Knowledge Waits is a feature where I just share some bit of comic book history that interests me.
As I wrote about recently here, when Fawcett Comics shuttered their superhero comic book division following their loss of a copyright infringement lawsuit filed against them by the publishers of Superman (then National Comics), Fawcett eventually was considered to have abandoned their "Captain Marvel" trademark.
The whole point of a trademark is that it is meant to protect customers from being confused in the marketplace as to who owns what. So if you aren't IN the marketplace, then you don't get trademark protection. Eventually, Marvel swooped in and got a hold of the trademark when they introduced their own Captain Marvel in 1967. Here's the trick with that, though. As noted, if you don't use the mark in trade, you don't get to have a protected trademark. So Marvel has to keep using the name or else it could be argued that they abandoned it. DC could then swoop in themselves and register it for THEIR Captain Marvel (who they purchased from Fawcett in the late 1980s/early 1990s after licensing it from them for years).
So Marvel has to keep publishing Captain Marvel comic books. Once trade collections became common and constantly in print in the early 21st century, this became LESS of a priority, but it is still not something that Marvel would want to go too long without having a comic book out with Captain Marvel in the title. Just better to be safe than sorry.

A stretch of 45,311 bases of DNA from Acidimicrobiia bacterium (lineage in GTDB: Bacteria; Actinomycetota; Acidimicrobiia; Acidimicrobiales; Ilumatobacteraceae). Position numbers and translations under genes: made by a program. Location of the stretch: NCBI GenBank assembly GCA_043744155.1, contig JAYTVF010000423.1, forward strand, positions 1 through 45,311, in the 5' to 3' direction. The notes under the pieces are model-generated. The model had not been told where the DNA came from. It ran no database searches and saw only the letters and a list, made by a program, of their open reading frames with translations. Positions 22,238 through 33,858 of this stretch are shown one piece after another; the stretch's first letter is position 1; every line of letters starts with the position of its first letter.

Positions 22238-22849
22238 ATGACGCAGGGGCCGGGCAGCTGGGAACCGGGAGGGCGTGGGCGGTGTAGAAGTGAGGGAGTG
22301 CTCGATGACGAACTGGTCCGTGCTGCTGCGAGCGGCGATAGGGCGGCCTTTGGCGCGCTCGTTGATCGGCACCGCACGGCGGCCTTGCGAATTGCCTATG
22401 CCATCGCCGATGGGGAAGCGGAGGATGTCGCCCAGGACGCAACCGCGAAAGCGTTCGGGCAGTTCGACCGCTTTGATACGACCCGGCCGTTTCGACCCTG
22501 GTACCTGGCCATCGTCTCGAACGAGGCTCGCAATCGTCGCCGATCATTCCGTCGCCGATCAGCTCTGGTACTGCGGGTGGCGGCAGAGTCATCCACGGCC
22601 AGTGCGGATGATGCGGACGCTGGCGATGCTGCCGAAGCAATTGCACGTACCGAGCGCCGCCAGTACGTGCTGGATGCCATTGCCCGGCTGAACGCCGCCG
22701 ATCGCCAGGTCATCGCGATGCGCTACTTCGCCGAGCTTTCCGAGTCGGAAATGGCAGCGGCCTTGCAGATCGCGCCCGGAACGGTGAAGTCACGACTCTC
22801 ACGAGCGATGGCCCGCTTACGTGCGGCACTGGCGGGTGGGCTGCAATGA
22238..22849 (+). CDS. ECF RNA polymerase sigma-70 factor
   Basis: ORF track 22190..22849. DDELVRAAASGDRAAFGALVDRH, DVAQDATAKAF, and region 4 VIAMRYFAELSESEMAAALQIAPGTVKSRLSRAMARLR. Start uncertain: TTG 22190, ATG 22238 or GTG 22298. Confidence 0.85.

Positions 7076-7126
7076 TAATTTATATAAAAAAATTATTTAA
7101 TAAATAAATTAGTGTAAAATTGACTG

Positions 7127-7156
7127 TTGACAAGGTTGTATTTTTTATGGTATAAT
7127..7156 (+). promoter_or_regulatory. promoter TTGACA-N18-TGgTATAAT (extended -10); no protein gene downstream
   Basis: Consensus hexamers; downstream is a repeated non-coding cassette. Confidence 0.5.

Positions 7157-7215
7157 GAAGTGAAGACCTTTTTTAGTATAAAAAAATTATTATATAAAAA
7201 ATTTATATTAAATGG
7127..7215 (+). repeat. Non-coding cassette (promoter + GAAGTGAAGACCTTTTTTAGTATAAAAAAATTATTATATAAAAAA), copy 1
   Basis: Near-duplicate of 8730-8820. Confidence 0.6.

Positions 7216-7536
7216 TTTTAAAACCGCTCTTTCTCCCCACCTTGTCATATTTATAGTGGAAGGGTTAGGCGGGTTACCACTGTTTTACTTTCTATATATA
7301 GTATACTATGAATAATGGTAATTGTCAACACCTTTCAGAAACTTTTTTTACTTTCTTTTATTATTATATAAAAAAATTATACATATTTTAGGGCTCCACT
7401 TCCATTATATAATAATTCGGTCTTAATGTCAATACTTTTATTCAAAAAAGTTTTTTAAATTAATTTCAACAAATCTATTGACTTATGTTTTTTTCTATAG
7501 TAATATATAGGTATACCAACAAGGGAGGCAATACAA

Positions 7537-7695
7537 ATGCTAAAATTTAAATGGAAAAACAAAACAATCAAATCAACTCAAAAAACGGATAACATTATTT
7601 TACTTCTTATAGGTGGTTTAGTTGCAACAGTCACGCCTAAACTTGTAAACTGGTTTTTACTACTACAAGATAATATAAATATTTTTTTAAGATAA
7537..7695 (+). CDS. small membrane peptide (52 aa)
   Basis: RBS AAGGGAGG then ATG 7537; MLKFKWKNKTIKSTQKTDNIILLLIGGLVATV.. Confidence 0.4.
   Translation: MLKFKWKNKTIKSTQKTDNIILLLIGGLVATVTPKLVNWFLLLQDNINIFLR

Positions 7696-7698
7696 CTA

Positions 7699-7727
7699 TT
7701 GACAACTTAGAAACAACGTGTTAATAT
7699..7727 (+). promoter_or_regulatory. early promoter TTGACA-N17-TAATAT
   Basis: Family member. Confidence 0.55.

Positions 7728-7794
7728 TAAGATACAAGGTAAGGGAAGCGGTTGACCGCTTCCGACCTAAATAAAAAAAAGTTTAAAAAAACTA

So here are all of the comics that Marvel has published over the years to maintain their trademark (some are odder than others).
This, of course, is the big one. This is the series that secured the trademark for Marvel and ran for about a decade, with gaps here and there (and a bi-monthly schedule for a good deal of the run, as well). Starring Captain Mar-Vell, the series was also the one that was currently being published when DC licensed the original Captain Marvel, forcing DC to use the name Shazam! for that comic book series.
THE LIFE OF CAPTAIN MARVEL
Eventually, Captain Marvel was killed off and was replaced with a new Captain Marvel, Monica Rambeau. However, the early 1980s didn't really see much action from DC on the Captain Marvel license, so things were a bit less pressing, so there was just a one reprint series of Jim Starlin's classic Captain Marvel run done in 1985.
CAPTAIN MARVEL ONE-SHOT
By the end of the 1980s, however, DC had done a Shazam miniseries and had plans to purchase the character outright, so Marvel played it safe and released a one-shot starring the Monica Rambeau version of Captain Marvel. She wasn't even on the Avengers anymore at this point in time.
CAPTAIN MARVEL ONE-SHOT
By the time Monica got a sequel one-shot in 1994, she had been out of the limelight for YEARS. It was a really good one-shot, though, by Dwayne McDuffie and M.D. Bright, the original creators on the 1989 one-shot (Dwight D. Coye scripted it and a bunch of guys inked it). This was nearing the end of Monica's time as the good Captain.
CAPTAIN MARVEL LIMITED SERIES
Mar-Vell's son, Genis-Vell, had been introduced in 1993 and given the superhero name of Legacy. In 1995, Marvel made him the new Captain Marvel and he had a limited series by Fabian Nicieza and Ed Benes.